CDC-Zambia will enter in to a collaborative partnership with an appropriate organization working locally to implement the Zambia A-QIP (Antiretroviral - Quality Improvement Project). A-QIP will consist of four inter-related components designed to facilitate quality improvement among the Government of the Republic of Zambia (GRZ) and cooperating partners (CPs) in Zambia.
1. Collective and Routine Monitoring of Quality Cluster evaluation with participation across ART service providers in Zambia to include GRZ, major private sector companies, and CPs to include EGPAF/CIDRZ, ZPCT, AIDSRelief/CRS, University Teaching Hospital Pediatrics/Columbia University, John Snow Incorporated/DELIVER, and JHPIEGO. The cluster evaluation aims to convene GRZ and CPs to identify critical and common questions and a shared evaluation strategy related to care quality, cost, service delivery and coverage, and continuity of care. The process will require regular meetings of project directors, M&E staff, and clinical experts to identify indicators, collect and share information, and inform policy and service delivery processes in Zambia. In addition to tracking a common set of quality indicators, several special studies will be supported in areas identified by the group.
2. Data Use for Improved Care The Continuity of Care: Patient Tracking System (CC:PTS) has been deployed in more than 35 sites between 2005 and 2006. It is anticipated that the system will continue to be deployed where feasible in GRZ locations throughout the country in 2007. CC:PTS provides critical individual level data on health services as well as numerous opportunities to query facility-based and eventually district and provincial data. Data use from this system, in cooperation with other facility-based aggregation systems (e.g. ARTIS) and what will be a redesigned health management information system for Ministry of Health (MOH), must be maximized to inform quality improvement activities. This is a key feature and task of the A-QIP project.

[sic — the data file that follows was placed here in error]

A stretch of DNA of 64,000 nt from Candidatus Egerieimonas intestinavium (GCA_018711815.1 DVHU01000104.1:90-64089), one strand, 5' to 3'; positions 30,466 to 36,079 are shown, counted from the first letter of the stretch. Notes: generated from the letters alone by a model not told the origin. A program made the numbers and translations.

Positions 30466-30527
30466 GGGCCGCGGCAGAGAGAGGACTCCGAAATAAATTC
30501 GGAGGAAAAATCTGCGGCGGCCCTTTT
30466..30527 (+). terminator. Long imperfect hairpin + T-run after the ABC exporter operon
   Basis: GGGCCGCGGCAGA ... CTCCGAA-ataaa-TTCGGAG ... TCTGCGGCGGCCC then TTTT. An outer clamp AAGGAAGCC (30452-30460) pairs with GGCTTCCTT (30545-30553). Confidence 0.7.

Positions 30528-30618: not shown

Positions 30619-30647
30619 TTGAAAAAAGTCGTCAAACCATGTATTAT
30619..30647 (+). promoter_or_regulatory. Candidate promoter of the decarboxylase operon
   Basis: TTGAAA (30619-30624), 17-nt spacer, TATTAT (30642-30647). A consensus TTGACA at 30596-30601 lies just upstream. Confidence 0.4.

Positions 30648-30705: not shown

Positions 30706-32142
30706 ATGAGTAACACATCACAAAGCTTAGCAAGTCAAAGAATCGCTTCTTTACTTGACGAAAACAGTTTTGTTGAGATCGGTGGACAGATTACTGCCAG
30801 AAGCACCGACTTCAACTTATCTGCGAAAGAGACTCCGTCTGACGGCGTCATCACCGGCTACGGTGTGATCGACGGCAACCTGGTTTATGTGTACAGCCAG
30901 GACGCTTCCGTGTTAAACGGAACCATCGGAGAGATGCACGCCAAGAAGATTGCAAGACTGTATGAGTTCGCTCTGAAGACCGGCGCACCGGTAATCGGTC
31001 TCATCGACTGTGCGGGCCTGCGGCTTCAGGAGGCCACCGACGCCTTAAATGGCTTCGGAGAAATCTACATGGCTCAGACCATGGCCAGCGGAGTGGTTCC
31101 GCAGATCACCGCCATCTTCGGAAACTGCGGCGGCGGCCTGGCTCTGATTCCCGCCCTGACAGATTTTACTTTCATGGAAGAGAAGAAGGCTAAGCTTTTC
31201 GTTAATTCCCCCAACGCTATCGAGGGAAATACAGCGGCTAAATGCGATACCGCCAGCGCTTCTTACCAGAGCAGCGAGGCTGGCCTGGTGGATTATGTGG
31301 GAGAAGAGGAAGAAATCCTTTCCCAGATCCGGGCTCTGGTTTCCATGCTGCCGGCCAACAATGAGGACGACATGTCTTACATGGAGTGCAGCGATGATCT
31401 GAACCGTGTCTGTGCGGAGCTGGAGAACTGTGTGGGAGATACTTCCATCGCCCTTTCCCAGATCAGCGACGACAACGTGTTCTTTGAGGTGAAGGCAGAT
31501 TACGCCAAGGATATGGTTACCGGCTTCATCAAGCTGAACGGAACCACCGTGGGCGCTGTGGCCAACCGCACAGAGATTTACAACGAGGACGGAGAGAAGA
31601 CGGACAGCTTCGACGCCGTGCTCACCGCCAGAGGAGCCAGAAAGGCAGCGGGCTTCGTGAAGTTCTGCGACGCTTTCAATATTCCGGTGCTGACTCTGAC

3. Coordinated Quality Improvement Technical Assistance Based on findings from the cluster evaluation, key interventions for quality improvement will be elaborated and delivered. A central organization will map and help to coordinate technical support activities being delivered through GRZ and CPs. Additionally, the central organization will have capacity to actively provide quality assurance and facilitation services to improve individual and facility-level performance by providing on-the-job training (OJT) for quality improvement.
4. Creating International Networks for Learning Distance learning will reinforce a response to findings from the cluster evaluation and the OJT, opportunities for distance learning in cooperation with MOH facilities will be organized with a specific set of course work and informal sharing focused on adult and pediatric ART. Lectures from within Zambia and abroad will be taped and used in these sessions. A central organization will be required to moderate and facilitate ongoing learning through session design and execution.
This activity is linked to SOPH HTXS (#9760). As other monies under this mechanism will be sent to the JHPIEGO Zambia country office, monies for this activity will remain at Johns Hopkins University.